To some, he might seem a rebel in a Ravens town. But ironically, David Nitkin is a Patriot — a fan of the New England football team, albeit one who works for a county government whose executive, Ken Ulman, bleeds the purple and black of the Baltimore Ravens.
It is under Ulman's administration that the government's George Howard Building in Ellicott City has glowed with purple lights during Baltimore's past two playoff runs.
On Tuesday morning, with the AFC Championship Game between Baltimore and New England just five days away, Ulman was wearing the purple jersey of Ravens defensive end Haloti Ngata, while Nitkin, the county's director of policy and legislative affairs, sported a Patriots hat.
Despite his location, not to mention his boss, Nitkin remains an unabashed fan.
Thanks to Ulman, he's now a bashed one, too.
"Have you gotten past the first round the last few years?" Ulman asked.
"No," Nitkin answered, chagrined.
They continued to needle each other, jocular banter between two die-hard fans. Their good-natured showdown came in a cubicle with two plates of doughnuts, one set glazed with purple, the other a reminder of the team standing between the Ravens and the Super Bowl.
Ulman, 37, grew up in Columbia but never latched on to this area's other football team, the Washington Redskins. His father was a fan of the Baltimore Colts, a franchise that moved in the middle of the night to Indianapolis in 1984. Twelve years later, the Cleveland Browns relocated. The Baltimore Ravens were born and promptly became Ulman's team.
Nitkin, 45, was born in Boston and grew up south of the city, in Randolph. His journalism career eventually brought him to Maryland, where he worked for The Baltimore Sun before joining the ranks of the county government in 2010.
"It's fun here in Maryland when the Ravens are doing well," he said. But his true loyalty lies in the Northeast.
Nitkin recalled living through the losing Patriots teams of the 1970s and 1980s, as well as the prolonged misery of being a Boston Red Sox fan. He also reminisced about the successes of the past decade: the Patriots winning the Super Bowl three times, the Boston Red Sox winning the World Series twice, the Boston Celtics winning an NBA championship and the Boston Bruins winning an NHL championship.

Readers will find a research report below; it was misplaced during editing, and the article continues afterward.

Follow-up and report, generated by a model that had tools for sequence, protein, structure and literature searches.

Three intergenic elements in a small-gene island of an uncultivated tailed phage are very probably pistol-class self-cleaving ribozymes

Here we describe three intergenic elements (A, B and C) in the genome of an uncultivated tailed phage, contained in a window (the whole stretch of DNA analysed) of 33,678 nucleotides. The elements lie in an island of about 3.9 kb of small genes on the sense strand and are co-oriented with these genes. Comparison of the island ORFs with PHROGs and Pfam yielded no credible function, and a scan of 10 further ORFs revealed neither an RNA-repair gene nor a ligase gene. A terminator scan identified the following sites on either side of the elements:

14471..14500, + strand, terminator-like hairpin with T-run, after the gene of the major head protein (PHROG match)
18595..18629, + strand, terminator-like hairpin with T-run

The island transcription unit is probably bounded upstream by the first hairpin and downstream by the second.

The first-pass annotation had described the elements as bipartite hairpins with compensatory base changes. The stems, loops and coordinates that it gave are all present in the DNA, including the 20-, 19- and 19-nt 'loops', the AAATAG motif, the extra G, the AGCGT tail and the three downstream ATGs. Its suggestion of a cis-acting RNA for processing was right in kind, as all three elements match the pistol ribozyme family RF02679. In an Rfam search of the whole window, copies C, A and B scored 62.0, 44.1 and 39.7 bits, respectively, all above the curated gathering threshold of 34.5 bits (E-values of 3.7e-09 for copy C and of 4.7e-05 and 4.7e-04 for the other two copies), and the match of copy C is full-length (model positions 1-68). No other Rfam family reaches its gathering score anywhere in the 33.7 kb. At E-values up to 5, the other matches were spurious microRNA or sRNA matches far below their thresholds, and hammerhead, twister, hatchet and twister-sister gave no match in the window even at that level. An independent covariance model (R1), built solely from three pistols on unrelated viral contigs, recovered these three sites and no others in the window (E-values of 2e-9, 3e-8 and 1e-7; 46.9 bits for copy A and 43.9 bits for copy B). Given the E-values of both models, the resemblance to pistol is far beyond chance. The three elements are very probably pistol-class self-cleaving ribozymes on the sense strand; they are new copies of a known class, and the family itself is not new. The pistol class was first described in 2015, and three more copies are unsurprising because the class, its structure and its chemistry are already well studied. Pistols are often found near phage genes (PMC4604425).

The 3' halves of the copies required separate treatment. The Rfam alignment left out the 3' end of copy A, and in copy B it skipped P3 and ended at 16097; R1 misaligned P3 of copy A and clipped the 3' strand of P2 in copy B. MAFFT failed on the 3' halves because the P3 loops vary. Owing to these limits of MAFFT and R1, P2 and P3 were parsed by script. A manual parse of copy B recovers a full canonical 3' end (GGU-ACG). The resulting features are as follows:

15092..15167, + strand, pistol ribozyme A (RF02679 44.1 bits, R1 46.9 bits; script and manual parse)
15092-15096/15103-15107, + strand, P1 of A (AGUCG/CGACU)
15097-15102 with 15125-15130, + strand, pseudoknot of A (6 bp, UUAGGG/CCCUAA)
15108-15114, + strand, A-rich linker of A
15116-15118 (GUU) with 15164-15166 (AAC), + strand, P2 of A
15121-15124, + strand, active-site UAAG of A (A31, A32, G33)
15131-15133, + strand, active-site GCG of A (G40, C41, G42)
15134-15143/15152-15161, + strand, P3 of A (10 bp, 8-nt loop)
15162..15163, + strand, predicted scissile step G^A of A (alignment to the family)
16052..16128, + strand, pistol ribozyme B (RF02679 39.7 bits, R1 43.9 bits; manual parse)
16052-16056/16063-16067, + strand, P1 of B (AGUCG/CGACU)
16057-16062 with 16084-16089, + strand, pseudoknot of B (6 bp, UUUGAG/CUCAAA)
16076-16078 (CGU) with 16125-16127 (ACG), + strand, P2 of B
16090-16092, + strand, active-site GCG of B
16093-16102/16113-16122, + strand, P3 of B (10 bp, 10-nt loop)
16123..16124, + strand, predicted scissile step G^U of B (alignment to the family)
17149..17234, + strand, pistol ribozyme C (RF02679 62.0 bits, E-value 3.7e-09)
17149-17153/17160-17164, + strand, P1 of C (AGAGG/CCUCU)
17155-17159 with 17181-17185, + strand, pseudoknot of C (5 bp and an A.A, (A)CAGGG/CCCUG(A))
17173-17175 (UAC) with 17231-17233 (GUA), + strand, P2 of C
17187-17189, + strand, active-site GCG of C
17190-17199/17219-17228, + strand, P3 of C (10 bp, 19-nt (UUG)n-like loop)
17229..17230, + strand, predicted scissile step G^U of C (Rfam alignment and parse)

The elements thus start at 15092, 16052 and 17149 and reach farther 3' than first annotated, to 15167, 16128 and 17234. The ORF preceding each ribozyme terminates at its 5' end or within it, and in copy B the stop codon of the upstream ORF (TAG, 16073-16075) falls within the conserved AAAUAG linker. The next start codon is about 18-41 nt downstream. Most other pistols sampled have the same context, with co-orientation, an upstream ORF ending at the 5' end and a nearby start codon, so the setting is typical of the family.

Those successes don't damper the sting from the NFL playoffs two years ago, when the Ravens clobbered the Patriots in the first round, 33-14.
"It was humiliating," Nitkin said.
"Don't get too far away from that feeling," Ulman said. "Just embrace it."
Nitkin got some shots in, too, accusing Baltimore fans of jealousy, hatred and a sense of inferiority. He recalled what some have said to mock New England, including the team's quarterback and coach.
"Tom Brady is too good looking. Bill Belichick is too intense. Come on, the Patriots win too much? That's real criticism? That's ridiculous criticism," he said. "I heard the national announcers saying the Ravens have lost a step on defense. It's not the same defense it was five, six years ago."
Ulman retorted: "Just like Tom Brady wasn't the same he was as when he won the Super Bowls. We'll find out on Sunday."
On this they agreed. "That's why they play the game," Nitkin said.
Ulman and Nitkin said they will likely watch Sunday's game from their respective homes. They might send text messages during the action.
And then there's the bet.
If the Ravens win, Nitkin has to grow a mustache akin to that of Ravens quarterback Joe Flacco.
"I'm not sure if he can pull it off," Ulman said. "I'm not sure he's man enough to grow a Flacco mustache, just like his Patriots aren't man enough to win on Sunday."
As for what happens if New England wins, Nitkin pointed toward his five- or six-inch figurine of Tom Brady.
"If — when — the Patriots win, this needs to be on the desk of the county executive through the Super Bowl, he said.
Said Ulman: "It's so cute I'm going to cry."